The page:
“Old prison trick.”
He took the old black and white photo of Lena out of his wallet, gazed at it for a moment, and began to put it in his other breast pocket.
For some reason he stopped mid-motion. He held the photo, all of a sudden unsure of what to do with it. He didn’t want to carry it anymore. Finally he handed it to Muhammad. “Put this somewhere safe for me, please.”
On impulse he went to the kitchen, picked up Jamilah’s FREE PALESTINE pin off the counter where he’d left it, and pinned it to the front of his windbreaker. Then he walked his bicycle to the doorway and put on his shoes. “Listen, Muhammad. I have to tell you something you’re not going to like.”
He walked the bicycle to the doorway and put on his shoes. “Listen, Muhammad. I have to tell you something you’re not going to like.”
“That will I wrote earlier? It’s in the kitchen drawer beside the stove. I’ve signed all my holdings over to you. If I don’t return, I want you, Jamilah, Layth and Kadija to divide the cash equally. Keep the orphanage going. You’re such a good brother, Muhammad. It’s not an accident that beautiful women keep falling in love with you. Get married, start a business of your own, have children. You would be such a good dad, ma-sha-Allah.”
“Hassan, come on, man.”
“Oh, hey, one more thing.” Hassan put his hand in his pocket and brought out a small key. “That’s the spare to my bike lock. I’ll lock the bike to a pole at China Basin Park. Go pick it up when you get the chance.”
“I don’t care about the bike, Hassan.”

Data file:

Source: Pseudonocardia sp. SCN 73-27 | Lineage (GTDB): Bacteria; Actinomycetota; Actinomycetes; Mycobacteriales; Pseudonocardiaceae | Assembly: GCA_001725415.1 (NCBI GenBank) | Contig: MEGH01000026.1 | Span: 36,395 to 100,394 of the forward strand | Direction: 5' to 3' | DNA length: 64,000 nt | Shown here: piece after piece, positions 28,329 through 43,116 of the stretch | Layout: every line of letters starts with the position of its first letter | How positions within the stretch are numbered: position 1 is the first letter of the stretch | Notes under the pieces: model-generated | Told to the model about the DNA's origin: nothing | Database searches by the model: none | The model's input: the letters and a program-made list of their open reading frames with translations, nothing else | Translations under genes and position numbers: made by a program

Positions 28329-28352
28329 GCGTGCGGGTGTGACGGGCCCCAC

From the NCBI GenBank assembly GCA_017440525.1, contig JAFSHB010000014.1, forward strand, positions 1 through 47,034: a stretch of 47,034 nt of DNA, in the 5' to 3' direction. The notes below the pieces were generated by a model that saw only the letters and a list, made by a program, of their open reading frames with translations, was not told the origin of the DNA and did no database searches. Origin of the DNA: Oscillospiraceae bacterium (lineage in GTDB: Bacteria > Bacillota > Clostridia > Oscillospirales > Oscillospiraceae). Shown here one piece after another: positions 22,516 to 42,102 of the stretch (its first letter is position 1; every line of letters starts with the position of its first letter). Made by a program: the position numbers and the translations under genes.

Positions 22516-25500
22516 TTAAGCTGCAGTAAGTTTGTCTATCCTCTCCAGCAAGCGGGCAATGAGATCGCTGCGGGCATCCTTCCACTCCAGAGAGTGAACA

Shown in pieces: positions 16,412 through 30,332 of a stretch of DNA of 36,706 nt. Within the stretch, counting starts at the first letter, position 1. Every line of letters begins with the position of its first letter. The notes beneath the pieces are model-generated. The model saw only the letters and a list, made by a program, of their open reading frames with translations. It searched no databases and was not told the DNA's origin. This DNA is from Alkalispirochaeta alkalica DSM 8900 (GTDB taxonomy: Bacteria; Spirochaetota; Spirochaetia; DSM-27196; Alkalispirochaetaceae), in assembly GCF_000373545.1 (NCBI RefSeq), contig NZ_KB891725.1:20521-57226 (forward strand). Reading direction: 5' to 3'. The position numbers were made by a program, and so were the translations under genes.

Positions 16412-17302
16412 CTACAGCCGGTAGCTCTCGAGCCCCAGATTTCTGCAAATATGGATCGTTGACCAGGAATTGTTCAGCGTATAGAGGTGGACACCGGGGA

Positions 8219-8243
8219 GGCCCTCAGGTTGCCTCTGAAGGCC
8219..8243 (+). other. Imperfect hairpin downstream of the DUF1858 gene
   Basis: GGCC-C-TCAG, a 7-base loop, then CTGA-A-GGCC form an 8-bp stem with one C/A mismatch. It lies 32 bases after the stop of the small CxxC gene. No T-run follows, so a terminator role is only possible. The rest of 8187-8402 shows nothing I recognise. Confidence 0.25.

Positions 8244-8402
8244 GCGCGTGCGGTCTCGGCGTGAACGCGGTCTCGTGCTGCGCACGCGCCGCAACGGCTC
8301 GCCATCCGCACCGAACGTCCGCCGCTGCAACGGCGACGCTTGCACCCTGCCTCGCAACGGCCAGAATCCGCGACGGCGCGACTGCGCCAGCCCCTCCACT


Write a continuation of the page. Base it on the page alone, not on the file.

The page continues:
Hassan raised his eyebrows and waved his hands. “Are you kidding? It’s, like, an Argon 18 Krypton, dude. It’s sweet as pie. Zoinks!”
Muhammad gave a wan smile. “Okay,” he said softly. “Is that supposed to be me? That’s weak, Five Nine.”
“Gotta go, bro. Hey, you got a good joke?”
Hassan grinned. “Good. Save it for me.” He embraced Muhammad one more time, kissed him on the cheek, wheeled his bike to the door, and departed to meet his destiny.
Pierre sat in the passenger seat of the consulate’s black sedan as they drove over the Bay Bridge into San Francisco.
He glanced at Emil. “This Crow character blames me for the op going sour,” he said bitterly.
“It was not your fault. Just bad luck. If anything, you salvaged the whole mess.”
“Carrément, oui? But I didn’t like having to kidnap that girl. And Maurice! He didn’t deserve that. He was only twenty four years old, did you know that? The Crow is un truc de fou. Ça me soule! You only have to look in his eyes. He’s ‘round the bend. Next time it could be you or me.”
“Maybe. But you would do well to address him as sir and show him respect. It is not our place to question.”
“You are telling me you’re okay with abusing and killing a civilian woman? I wasn’t raised that way.”
Emil said nothing.
“What’s the deal with Hassan Amir? Who is he really?”
Emil was silent. The only sounds were the humming of the tires on the roadway and the rushing of air past the windows. The dashboard air vents were open, and the cold night air chilled Pierre’s face.
Bah laisse tomber! Pierre turned away from Emil and looked out the window at the City, watching it grow gradually larger. He loved coming into San Francisco from this approach, seeing the utter beauty of it laid out before him like a gem.
“It’s so peaceful here, looking out over the water and the City. Reminds me of looking down at Beirut from the mountains.”
Emil did not reply. The man could be so annoying at times. Might as well talk to a pile of bones.
“These seats are very comfortable.”
“More comfortable than the trunk, I’m sure.”
Emil still did not reply.
Hassan rode hard through the dark streets of nighttime San Francisco. There was an all-night convenience store a few blocks away, directly on his route. In less than a minute he was there. He slid off the bike and came to a running stop, not bothering to lock the bike at this deserted hour. He leaned it against an automated video rental machine and strode quickly into the store, where he purchased a cigarette lighter, three four-ounce cans of replacement lighter fluid, and a box of heavy-duty trash bags. He opened the box of trash bags right on the store counter, withdrew two and told the clerk to keep the rest.